Make no mistake either the 4K or 6K cameras need a bit of TLC before you take it out there in big wide world and start shooting. The battery, for instance, doesn’t have the best of run times especially when recording in max resolution. Personally, I received no more than 7-9 minutes of recording time, however, I was assured that it been a problem with the battery units I received.
Nonetheless it isn’t something that cannot be solved with a handy battery pack, which Blackmagic sells as an add-on. Slapping it on is easy and given the camera(s) a bit more heft to hold-on to.
You can record using two card slots, the CFast 2.0 and SDXC UHS-II card slots. The USB-C port means you can add an external SSD, which I would highly recommend espcially while filming in RAW.
If I had to recommend one piece of add-on, it would be the battery pack, you can still do without the SSD storage unit and external monitor.
Footage and edits
Armed with a tiny story board I hit the streets of Karama in Dubai to film a test video with the Pocket Cinema 4K. I strolled in a bid to capture the vibrancy of the old Dubai town, as people went about their day-to-day activities. This was pre-Covid-19 so don’t be surprised when you see people with no masks or social distancing guidelines being followed.
I’m no pro-cinematographer, colourist or video editor but I have a bit of formal training in the field and if you head to my IGTV (NikhilPereira17) you will see the sample video with the most basic of LUTs on my IGTV page.
Once I finished the shoot and got home I was left stunned watching the footage. Personally, I never imagined that a 4/3 camera sensor could have reproduced the kind of footage I was able to see. I shot in 4K RAW at 30fps that then allowed me to slow down the footage wherever I needed.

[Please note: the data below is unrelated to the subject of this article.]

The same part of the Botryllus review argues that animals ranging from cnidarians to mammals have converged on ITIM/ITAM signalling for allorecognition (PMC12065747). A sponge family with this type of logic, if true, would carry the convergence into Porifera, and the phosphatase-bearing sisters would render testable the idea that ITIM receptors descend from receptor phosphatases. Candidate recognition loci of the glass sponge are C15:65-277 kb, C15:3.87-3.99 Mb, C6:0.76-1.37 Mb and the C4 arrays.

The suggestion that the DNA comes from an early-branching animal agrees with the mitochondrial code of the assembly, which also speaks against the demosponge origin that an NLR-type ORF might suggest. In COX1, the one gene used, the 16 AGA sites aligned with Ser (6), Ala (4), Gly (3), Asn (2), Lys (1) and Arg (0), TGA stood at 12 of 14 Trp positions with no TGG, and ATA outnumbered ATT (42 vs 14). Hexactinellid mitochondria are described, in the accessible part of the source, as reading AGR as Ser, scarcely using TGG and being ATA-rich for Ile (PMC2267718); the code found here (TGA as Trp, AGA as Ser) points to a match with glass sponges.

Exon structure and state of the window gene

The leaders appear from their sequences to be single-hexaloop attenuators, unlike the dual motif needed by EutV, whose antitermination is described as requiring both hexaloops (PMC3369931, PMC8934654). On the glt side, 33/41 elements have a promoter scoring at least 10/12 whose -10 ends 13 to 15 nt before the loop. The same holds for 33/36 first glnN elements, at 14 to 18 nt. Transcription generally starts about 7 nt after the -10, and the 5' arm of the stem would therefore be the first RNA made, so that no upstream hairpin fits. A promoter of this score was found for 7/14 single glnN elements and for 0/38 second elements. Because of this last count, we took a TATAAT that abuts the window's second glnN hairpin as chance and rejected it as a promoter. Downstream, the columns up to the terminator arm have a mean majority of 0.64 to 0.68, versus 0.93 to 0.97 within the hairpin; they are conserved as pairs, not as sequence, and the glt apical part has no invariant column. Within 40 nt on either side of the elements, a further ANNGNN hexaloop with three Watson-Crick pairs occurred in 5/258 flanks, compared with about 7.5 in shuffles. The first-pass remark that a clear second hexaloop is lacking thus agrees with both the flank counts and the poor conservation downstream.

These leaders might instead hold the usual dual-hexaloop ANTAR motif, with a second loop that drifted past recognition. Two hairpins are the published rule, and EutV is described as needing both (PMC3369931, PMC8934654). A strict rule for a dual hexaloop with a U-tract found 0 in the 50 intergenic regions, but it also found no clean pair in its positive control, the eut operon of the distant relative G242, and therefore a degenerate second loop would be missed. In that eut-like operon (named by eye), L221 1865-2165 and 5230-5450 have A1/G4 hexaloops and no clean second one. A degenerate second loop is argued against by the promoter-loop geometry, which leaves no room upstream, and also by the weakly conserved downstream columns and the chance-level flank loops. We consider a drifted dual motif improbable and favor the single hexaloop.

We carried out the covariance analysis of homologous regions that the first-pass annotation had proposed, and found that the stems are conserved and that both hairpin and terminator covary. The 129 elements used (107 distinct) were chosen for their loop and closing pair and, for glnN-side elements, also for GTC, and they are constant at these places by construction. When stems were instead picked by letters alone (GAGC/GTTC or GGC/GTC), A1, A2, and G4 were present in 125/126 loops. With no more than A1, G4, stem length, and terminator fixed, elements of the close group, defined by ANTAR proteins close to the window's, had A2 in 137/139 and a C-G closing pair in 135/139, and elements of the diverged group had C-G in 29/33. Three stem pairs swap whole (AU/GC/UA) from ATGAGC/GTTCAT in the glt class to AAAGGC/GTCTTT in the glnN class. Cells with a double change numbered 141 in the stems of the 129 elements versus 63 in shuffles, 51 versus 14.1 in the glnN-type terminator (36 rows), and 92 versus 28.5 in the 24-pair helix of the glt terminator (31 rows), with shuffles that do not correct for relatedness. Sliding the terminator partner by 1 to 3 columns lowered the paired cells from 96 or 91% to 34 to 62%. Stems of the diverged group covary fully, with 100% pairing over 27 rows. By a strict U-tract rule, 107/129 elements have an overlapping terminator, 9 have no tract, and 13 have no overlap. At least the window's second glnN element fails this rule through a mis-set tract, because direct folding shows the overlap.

Pro-tip: You will need a super steady hand, which comes with experience, as the camera picks up all movements, jerks and footsteps. You could also jerry rig the unit to a stabiliser if you are working with bigger crews.
For the edits I opted to use the Da Vinci Resolve version 16 software instead of my go to Adobe Premier Pro. The learning curve to understanding the different tricks isn’t that steep. In fact Blackmagic has several tutorials, and then there is always YouTube to help you with specifics.
For a free software, I appreciated Resolve even more for all the functionalities it offers. You can colour grade and do many other complex tasks, which in some cases you require After Effects to achieve. There are countless effects and titles, widgets and settings can be customised. I hadn’t used resolve before this, but I pushed myself to get out of the Premier Pro comfort zone and I couldn’t be happier. Barring a few stability issues and system crashes, I would recommend Resolve any day of the week. And in case you didn’t hear me the first time, it’s free to download and install.
The Pocket Cinema 4K camera body is currently retailing for close to US$1,360 (AED5,000), while the 6K starts at $2,000 (AED7,500). The difference in price isn’t much and you are getting vastly different features when you take a look at the spec sheet in detail. Most importantly, the 6K allows you to shoot in full resolution and oversample to 4K packing a punch for every pixel in the world.
That’s not to say the 4K will not do the job because in the end it all boils down to what the user wants to achieve with the footage.
To summarise the Pocket Cinema 4K is better suited to independent filmmakers who have the luxury and liberty of re-takes. The 6K with its better low light capability and superior overall video quality will appeal to creative agencies and production companies looking to get bang-for-buck performance with no compromises. Either way you will be satisfied.